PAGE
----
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Published On: Sat, Sep 6th, 2014

Cuba criticized for oppressing Christians, freedom of religion

Cuba is drawing ire from religious freedom watchdogs as the communist regime is oppressing Christian institutions and reports are escalating human rights violations over the past few months.

Raul Castro the reason for increased persecution in Cuba? photo/Agência Brasil

Raul Castro the reason for increased persecution in Cuba? photo/Agência Brasil

According to a new report from Christian Solidarity Worldwide this week, from January to mid-July of 2014, there were “170 religious freedom violations” including government authorities beating pastors and lay workers, dragging politically dissident women away from Sunday services, and enforcing arbitrary detentions, church closures, and demolitions.

The CSW report contrasts this with the total 180 incidents documented for the entire 2013 calendar year.

“It does seem like the government is paying more attention to the churches and making much of a concerted effort to control religious expression in Cuba,” Todd Nettleton, with Voice of the Martyrs said.

Nettleton suggested President Raul Castro could be more hostile to Christianity than his brother, or more aware of it. The government might also be looking at the church and sensing a need to assert control.

While the official stance from the Cuba government is that the “The State recognizes, respects, and guarantees religious liberty” but these freedoms are ignored if officials feel the behavior conflicts with communism.
Article 62 of the Cuban constitution declares: “No recognized liberty may be exercised against the existence and aims of the socialist State and the nation’s determination to build socialism and communism.”
The Cuban Office of Religious Affairs (ORA) has authority over all religious groups in Cuba and it has a “consistently antagonistic relationship” with many of those groups, CSW notes in its report. Roughly 56 percent of Cubans identify as Christian, according to Operation World.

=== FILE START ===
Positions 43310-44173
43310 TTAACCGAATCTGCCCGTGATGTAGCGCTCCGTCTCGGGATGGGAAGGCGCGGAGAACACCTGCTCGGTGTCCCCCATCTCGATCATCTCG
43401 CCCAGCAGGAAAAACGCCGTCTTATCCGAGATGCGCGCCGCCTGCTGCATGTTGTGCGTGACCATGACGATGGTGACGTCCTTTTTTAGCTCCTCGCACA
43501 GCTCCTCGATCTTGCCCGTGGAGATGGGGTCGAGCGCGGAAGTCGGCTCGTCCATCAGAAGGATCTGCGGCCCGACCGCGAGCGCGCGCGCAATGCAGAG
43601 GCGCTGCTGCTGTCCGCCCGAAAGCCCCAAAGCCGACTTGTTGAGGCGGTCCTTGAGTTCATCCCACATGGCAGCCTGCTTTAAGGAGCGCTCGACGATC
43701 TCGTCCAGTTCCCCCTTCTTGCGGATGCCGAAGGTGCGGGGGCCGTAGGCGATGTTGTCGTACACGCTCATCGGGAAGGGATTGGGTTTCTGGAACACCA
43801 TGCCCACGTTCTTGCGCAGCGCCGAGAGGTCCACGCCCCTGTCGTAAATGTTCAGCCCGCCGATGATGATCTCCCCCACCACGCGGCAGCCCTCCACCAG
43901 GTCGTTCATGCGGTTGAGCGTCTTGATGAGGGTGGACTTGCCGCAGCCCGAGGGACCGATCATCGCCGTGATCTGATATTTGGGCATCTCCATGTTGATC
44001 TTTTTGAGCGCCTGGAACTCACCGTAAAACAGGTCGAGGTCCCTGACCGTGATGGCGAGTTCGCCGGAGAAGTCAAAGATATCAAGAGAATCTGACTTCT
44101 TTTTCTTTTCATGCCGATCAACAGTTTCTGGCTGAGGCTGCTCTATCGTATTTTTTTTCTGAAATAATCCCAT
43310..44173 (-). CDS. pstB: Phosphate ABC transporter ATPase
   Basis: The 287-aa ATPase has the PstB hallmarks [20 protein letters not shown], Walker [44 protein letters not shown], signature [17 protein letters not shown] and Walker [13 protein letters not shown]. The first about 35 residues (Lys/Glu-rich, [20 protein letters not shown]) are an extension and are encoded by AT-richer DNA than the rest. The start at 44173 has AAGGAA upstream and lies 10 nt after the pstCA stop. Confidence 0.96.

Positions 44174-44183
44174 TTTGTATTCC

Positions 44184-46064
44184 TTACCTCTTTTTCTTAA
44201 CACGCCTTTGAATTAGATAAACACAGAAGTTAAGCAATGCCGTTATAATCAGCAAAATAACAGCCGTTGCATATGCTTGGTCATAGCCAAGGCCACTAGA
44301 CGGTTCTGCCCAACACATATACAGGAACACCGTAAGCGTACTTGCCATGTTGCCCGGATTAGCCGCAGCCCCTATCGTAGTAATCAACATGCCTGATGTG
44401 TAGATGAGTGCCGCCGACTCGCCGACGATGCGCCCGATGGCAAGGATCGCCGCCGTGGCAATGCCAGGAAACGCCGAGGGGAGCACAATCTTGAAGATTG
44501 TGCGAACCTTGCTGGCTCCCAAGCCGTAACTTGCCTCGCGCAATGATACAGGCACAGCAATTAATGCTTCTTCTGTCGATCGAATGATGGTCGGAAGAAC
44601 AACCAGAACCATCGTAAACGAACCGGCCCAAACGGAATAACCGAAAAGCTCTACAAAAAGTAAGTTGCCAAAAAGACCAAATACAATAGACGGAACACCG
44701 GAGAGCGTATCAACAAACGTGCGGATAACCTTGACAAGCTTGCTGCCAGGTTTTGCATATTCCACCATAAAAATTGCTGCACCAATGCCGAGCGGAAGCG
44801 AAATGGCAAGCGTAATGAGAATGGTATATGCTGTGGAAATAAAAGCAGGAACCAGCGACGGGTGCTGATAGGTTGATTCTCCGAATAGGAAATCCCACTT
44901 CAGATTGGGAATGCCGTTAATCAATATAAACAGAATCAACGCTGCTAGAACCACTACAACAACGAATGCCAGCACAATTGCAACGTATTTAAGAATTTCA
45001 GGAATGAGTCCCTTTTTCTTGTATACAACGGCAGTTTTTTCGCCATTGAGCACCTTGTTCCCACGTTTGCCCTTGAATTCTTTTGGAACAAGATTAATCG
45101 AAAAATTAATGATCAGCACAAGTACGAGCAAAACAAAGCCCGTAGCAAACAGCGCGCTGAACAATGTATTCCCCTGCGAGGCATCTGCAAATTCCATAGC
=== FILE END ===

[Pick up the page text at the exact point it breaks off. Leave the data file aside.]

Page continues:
CSW said most of the cases of women being detained and forced to miss church were Roman Catholics and Ladies in White, a political dissident group made up of women related to political prisoners.
CSW’s Chief Executive Mervyn Thomas said, “It is distressing to see such a significant and sustained increase in reported violations of religious freedom in Cuba, even as the government claims to be committed to reforms in this area and others. We are deeply saddened that Reverend Carbonell, who dedicated so much of his life to ministry inside Cuba, was pushed by government harassment to the point of going into exile. It is disturbing to see some groups outside Cuba interpret concessions or privileges extended to a few religious groups as an overall improvement in religious freedom, even as other groups report continued and worsening persecution, resulting in religious inequality. As long as the Cuban government refuses to allow all religious organisations to function legally, to register all places of worship, including house churches, and to remove authority over all religious activity from the Central Committee of the Cuban Communist Party, whose decisions are issued arbitrarily and cannot be appealed, there can be no religious freedom in Cuba. We call on the United States, on the European Union and other members of the international community, to hold the Cuban government to account and to set measurable benchmarks, including the three mentioned above, in order to judge more accurately any improvement in religious freedom in Cuba.”

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